In his book God and the Gay Christian, Matthew Vines wrongly suggests that the view that same-sex relations are sinful is a bad tree bearing the bad fruit of hurt feelings in the lives of people dealing with same sex attraction. He bases this argument on a misreading of Matthew 7:15–20, and on his bad exegesis he builds a bad argument: Vines urges people to use “an experience-based test” to prove that this fruit is bad.
The bad argument about experience based tests based on the misunderstanding of Jesus goes as follows:
Vines claims that “the earliest Christians used a similar, experience-based test when making what was one of the most important decisions in church history: whether to include Gentiles in the church without forcing them to be circumcised and obey other particulars of the Old Testament law” (15).
The fundamental difference, however, between the kind of “experience-based test” the early church used and the one Vines wants people to use makes this an example of the logical fallacy of a false analogy. Bad exegesis supported by logical fallacies don’t make for good arguments, but this is all Vines can do to support his case that the “bad view” produces “bad fruit.”
What happened in Acts 10, 11, and 15 can hardly be called an “experience-based test” at all. No one was consulting the feelings of Gentiles. No one asked those under pressure to be circumcised how the Judaizers were making them feel.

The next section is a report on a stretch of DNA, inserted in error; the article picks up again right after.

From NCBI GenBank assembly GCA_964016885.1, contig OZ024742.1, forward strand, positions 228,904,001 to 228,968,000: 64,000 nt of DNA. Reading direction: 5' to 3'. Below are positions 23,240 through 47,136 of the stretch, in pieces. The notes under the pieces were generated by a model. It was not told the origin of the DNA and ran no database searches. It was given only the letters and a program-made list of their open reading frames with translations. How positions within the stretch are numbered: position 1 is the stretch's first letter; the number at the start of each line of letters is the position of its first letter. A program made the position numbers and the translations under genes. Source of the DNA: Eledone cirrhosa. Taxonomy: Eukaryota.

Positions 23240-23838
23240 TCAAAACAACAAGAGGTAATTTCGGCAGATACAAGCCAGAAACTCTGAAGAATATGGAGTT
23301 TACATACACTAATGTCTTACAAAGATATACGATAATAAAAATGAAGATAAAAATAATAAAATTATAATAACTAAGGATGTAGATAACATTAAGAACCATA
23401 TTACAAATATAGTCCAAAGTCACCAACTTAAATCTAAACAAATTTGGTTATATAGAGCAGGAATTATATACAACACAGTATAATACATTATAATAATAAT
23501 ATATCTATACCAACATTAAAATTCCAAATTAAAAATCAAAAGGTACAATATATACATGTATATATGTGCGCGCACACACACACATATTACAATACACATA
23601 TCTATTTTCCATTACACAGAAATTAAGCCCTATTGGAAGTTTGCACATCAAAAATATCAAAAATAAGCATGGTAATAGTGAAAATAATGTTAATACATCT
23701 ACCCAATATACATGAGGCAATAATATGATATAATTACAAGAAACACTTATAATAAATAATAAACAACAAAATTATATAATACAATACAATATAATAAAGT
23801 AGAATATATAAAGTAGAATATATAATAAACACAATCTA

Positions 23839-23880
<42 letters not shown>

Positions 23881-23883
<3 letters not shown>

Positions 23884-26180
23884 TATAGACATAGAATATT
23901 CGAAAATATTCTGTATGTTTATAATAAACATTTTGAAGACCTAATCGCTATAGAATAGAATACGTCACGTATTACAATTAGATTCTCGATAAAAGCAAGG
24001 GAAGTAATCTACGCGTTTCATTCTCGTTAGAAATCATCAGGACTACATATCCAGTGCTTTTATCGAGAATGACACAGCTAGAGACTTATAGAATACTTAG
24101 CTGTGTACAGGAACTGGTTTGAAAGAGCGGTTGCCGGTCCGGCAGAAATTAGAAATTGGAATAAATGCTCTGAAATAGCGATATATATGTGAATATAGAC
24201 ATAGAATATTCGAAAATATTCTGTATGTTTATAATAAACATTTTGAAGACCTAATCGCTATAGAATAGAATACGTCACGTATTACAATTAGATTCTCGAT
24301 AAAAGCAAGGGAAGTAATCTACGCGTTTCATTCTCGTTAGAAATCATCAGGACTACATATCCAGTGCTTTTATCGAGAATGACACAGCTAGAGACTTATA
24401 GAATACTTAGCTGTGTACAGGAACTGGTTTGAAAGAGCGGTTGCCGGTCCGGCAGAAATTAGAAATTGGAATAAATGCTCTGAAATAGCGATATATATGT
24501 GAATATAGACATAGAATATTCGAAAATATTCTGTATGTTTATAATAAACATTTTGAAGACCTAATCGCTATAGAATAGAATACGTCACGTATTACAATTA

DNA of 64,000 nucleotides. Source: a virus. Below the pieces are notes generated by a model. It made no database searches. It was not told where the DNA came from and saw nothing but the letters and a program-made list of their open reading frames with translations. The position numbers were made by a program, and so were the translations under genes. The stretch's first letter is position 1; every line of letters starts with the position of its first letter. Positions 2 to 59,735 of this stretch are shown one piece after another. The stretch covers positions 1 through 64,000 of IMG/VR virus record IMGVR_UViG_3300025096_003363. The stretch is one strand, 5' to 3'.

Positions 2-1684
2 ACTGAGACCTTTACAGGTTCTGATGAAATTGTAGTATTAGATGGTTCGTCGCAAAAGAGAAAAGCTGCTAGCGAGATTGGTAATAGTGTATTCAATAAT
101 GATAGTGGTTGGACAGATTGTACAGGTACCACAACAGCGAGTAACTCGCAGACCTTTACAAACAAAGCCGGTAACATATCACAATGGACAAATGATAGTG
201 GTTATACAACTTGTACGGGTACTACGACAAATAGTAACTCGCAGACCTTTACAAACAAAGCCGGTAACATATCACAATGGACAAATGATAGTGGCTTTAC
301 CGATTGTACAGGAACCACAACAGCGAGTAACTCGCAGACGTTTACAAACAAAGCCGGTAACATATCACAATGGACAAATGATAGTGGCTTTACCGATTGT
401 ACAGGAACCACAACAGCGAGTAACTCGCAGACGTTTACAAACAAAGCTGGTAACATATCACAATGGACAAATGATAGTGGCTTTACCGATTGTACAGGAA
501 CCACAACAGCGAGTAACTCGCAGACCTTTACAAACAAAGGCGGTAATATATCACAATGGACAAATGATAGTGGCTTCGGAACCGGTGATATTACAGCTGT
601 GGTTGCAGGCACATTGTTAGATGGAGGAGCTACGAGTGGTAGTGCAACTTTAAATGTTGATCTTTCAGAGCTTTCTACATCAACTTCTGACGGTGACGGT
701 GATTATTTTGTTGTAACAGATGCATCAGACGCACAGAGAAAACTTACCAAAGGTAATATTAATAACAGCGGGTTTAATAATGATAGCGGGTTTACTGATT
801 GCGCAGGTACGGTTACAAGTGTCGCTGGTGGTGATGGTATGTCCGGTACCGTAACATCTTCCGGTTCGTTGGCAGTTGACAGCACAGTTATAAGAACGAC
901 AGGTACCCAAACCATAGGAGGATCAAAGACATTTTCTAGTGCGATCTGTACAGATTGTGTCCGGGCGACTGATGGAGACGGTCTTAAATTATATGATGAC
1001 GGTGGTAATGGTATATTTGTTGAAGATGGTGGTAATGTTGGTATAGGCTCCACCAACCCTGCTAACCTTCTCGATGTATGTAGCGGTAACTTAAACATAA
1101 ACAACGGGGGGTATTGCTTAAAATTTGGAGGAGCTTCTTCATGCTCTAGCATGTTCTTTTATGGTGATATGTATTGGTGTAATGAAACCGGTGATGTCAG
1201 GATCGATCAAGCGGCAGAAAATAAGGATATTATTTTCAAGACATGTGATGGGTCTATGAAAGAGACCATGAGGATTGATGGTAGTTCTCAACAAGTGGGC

What was “experienced” was something that God did: God gave the Spirit to the Gentiles apart from circumcision (Acts 10:44–45; 11:15–18; 15:5–11).
The important thing in Acts is what God did not how anyone felt.
This is very different from the “experience-based test” Vines advocates. He encourages those who would advocate his position to “bring the focus back to the people affected by the church’s stance” (179–180). Vines is unwilling to acknowledge that “the church’s stance” only reflects what God has commanded. Vines argues: “If someone is convinced that same-sex relationships are sinful, encourage them to consider what the viewpoint means for gay Christians” (180).
Would we respond to a thief, an adulterer, a drunkard, a swindler, or a liar this way?
What God’s commands mean to all sinners is the same: they can repent and be delivered from the consequences of their sins by what Christ has done on the cross, or they can choose to remain in their sin and face the wrath of God.
You will have to choose between Jesus and your sin. If you choose your sin, the Bible’s condemnation of that sin is not at fault.
For a more detailed response to Vines, see the e-book edited by R. Albert Mohler Jr., with contributions from Heath Lambert, Owen Strachan, Denny Burk, and yours truly: God and the Gay Christian? A Response to Matthew Vines.